Title: We Have Interesting Problems: Some Applied Grand Challenges from Digital Libraries, Archives and Museums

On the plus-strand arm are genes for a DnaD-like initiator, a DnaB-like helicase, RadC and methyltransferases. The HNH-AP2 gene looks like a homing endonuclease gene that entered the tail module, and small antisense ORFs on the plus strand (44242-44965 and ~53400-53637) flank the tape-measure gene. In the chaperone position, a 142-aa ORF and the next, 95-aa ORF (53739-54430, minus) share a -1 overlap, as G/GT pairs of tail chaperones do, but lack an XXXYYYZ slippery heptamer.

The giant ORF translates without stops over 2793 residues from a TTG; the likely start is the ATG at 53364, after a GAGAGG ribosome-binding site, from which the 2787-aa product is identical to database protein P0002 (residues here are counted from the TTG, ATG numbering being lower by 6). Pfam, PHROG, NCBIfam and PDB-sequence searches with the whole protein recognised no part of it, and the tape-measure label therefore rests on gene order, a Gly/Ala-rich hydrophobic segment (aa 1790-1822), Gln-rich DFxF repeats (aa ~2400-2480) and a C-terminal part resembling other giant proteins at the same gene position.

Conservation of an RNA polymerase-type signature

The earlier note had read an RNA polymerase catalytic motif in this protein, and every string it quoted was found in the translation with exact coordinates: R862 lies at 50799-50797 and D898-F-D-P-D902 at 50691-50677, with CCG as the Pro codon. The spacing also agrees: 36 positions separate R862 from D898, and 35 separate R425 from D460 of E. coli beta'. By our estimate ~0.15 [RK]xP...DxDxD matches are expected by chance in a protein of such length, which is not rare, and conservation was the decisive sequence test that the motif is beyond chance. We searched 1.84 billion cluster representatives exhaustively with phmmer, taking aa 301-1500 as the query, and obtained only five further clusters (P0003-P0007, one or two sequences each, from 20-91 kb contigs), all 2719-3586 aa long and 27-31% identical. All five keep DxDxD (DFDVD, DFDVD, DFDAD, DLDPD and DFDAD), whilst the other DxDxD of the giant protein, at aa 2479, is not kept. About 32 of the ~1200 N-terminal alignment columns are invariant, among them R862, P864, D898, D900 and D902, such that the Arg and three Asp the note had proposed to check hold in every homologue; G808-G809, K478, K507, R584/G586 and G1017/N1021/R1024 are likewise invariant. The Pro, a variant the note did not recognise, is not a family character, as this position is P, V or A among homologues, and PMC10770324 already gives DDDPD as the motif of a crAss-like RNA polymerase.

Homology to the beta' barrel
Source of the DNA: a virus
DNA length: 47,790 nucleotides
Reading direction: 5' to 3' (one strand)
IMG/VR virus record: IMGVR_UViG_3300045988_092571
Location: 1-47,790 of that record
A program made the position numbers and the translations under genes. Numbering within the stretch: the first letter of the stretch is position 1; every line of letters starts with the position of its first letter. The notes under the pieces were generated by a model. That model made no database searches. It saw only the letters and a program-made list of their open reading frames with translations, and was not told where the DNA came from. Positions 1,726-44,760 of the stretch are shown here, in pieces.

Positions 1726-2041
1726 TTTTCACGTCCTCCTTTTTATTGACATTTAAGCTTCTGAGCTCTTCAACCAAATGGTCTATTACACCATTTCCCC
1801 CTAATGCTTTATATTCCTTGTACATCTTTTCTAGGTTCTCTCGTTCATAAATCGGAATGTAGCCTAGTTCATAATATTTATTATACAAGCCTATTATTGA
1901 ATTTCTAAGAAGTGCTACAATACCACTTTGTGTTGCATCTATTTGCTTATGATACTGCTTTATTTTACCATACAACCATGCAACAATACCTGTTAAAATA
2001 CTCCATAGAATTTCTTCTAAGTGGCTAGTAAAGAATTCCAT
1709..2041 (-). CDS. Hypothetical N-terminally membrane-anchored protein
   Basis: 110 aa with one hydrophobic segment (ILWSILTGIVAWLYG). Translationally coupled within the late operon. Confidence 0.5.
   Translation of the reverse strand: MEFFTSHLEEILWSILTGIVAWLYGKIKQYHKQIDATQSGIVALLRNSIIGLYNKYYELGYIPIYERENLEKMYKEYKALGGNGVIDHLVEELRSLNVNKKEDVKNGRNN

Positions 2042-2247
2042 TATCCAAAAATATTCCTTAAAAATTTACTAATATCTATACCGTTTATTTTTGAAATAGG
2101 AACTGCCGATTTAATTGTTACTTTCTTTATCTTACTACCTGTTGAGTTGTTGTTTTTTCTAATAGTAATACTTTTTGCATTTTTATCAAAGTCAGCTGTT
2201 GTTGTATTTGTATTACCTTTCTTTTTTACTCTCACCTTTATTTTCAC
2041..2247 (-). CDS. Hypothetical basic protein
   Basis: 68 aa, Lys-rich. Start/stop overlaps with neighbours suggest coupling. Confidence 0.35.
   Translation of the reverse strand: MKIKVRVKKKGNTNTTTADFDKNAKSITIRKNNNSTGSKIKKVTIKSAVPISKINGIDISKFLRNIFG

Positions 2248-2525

Abstract: Libraries, Archives and Museums now have massive digital holdings. There is tremendous potential for library and information science, computer science and computer engineering researchers to partner with cultural heritage institutions and make our digital cultural record more useful and usable. In particular, there is a significant need to bridge basic research in areas such as computer vision, crowdsourcing, natural language processing, multilingual OCR, and machine learning to make this work directly usable in the practices of cultural heritage institutions. In this talk, I discuss a series of exemplar projects, largely funded through the Institute of Museum and Library Services National Digital Platform initiative, that illustrate some key principles for building applied research partnerships with cultural heritage institutions. Building on Ben Schniderman’s The New ABCs of Research: Achieving Breakthrough Collaborations, I focus specifically on why the public purpose and missions of cultural heritage institutions are particularly valuable in establishing new kinds of collaborations that can simultaneously advance basic research and the ability for people of the world to engage with their cultural record.